Medical Science Is Rising To The Challenge Of Obesity

It’s an insidious, unseen, creeping ailment — one that can sabotage your for the rest of your life.

Once you’re middle-aged, there’s a 50/50 chance it will trigger the onset of one or more deadly degenerative diseases.

“Metabolic dysfunction” is a seemingly innocuous term that may sound unfamiliar to most of us. But researchers now believe it’s a root cause of the epidemics of obesity and Type 2 diabetes — which are destined to kill more than half the world’s population over the age of 50.

It is also to blame for a number of other debilitating, degenerative diseases. They include Non-Alcoholic SteatoHepatitis (NASH), which has yet to attract much attention in the media. Nonetheless, it, too, is a big killer.

Modern medicine, however, is rising to the challenge.

A team of leading US doctors and medical scientists in the fields of genetics and age-induced degenerative diseases has had a “Eureka” breakthrough. They’re innovating new drug that may one day be able to successfully treat a range of debilitating age-related metabolic disorders.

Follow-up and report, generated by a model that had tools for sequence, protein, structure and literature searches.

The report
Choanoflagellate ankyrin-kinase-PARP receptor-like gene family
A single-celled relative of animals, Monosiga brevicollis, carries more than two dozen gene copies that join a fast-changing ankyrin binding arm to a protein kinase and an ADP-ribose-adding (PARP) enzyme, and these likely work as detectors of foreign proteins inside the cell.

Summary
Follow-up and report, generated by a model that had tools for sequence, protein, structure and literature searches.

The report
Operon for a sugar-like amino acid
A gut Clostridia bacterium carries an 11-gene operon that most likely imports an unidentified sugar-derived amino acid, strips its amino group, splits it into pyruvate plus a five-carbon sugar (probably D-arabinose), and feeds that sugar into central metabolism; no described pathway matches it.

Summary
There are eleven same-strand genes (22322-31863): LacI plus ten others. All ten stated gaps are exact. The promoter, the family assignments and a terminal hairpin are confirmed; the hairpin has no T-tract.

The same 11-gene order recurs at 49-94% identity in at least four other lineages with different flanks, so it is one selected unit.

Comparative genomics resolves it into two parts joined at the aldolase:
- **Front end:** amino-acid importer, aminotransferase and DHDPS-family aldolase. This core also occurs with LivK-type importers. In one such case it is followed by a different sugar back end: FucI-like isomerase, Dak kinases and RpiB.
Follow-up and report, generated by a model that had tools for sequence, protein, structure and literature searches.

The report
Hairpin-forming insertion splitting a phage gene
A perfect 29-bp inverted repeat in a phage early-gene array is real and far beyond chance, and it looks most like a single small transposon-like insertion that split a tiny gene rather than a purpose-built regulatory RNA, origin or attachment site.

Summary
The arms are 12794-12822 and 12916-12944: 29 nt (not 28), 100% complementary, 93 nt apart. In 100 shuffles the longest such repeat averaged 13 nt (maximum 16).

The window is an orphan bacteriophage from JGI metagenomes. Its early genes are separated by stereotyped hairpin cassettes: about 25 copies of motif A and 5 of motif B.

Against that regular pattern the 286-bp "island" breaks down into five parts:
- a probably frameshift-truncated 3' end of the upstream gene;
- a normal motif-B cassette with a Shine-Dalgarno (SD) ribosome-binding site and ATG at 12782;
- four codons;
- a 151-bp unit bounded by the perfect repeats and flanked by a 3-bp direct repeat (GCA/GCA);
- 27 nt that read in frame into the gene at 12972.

Having formed a biomedical start-up CohBar Inc. (TSX.V: COB.U) (OTCQX: CWBR) in 2009, they’re now working out of a laboratory in the San Francisco area.

Last month, the company announced it will focus first on advancing drug candidates for potential use in treating obesity and NASH.

If successful, CohBar’s target promise to be worth billions of dollars.

What’s Ultimately At Stake?
Obesity alone already accounts for at least US $150 billion worth of America’s annual health care spending.

Yet these ever-escalating healthcare costs won’t level off any time soon. About 42% of Americans (32 million more people than today) are expected to become obese by 2030.

It gets worse. Obese people often also develop NASH and/or diabetes. Tragically, most of them end up with fatal heart disease, too.

It’s a slippery slope that is all-too pervasive. , in excess of two people are obese. And its incidence has tripled in men since 1975, while more than doubling for women, according to a 2014 study which used data from 186 countries.


The urgency to combat obesity has become a “timely and opportune” call to action for CohBar, according to the company’s CEO Simon Allen. He explains that the global market for obesity drugs is still in its infancy and that nothing to date has proven particularly safe and effective.

Preclinical Evidence Boosts Hopes for Obesity Drug Candidate
CohBar is getting ready to tackle the next major hurdle towards the commercialization of its first two obesity and NASH drug candidates, which are dubbed CB4209 and

This involves conducting safety and toxicity studies in animals –now that the efficacy of CB4209 and CB4211 has already been demonstrated in laboratory experiments with mice. If these new studies go as planned, Phase I human clinical trials may commence as soon as early 2018.

In early-stage studies, the precursor to these drug candidates impressed CohBar’s researchers with its fat-fighting abilities; it actually prevented mice from becoming obese, even when they were administered a high-fat diet.